Developmental Co-Ordination Disorder (DSM-5, American Psychiatric Association, 2013)
A. Motor performance that is substantially below expected levels, given the person's chronologic age and previous opportunities for skill acquisition. The poor motor performance may manifest as coordination problems, poor balance, clumsiness, dropping or bumping into things; marked delays in achieving developmental motor milestones (e.g., walking, crawling, sitting) or in the acquisition of basic motor skills (e.g., catching, throwing, kicking, running, jumping, hopping, cutting, colouring, printing, writing).
B. The disturbance in Criterion A, without accommodations, significantly and persistently interferes with activities of daily living or academic achievement.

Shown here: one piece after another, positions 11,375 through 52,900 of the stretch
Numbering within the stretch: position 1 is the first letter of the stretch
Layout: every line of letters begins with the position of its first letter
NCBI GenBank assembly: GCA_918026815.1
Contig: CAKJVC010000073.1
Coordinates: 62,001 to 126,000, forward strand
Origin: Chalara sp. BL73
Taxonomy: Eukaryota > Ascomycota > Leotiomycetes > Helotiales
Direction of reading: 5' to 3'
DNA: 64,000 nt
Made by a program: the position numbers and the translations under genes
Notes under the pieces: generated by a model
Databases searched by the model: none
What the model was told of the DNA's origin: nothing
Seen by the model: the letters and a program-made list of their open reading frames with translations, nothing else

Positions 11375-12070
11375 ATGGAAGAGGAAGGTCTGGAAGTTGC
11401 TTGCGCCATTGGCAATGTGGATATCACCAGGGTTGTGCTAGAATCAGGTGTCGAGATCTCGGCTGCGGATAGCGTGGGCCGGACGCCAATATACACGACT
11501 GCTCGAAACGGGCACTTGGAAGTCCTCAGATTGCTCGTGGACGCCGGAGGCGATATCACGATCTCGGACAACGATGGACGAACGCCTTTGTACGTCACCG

C. Onset of symptoms is in the early developmental period.
D. The motor skill deficits are not better explained by intellectual disability (intellectual development disorder) or visual impairment and are not attributable to a neurological condition affecting movement (e.g., cerebral palsy, muscular dystrophy, degenerative disorder).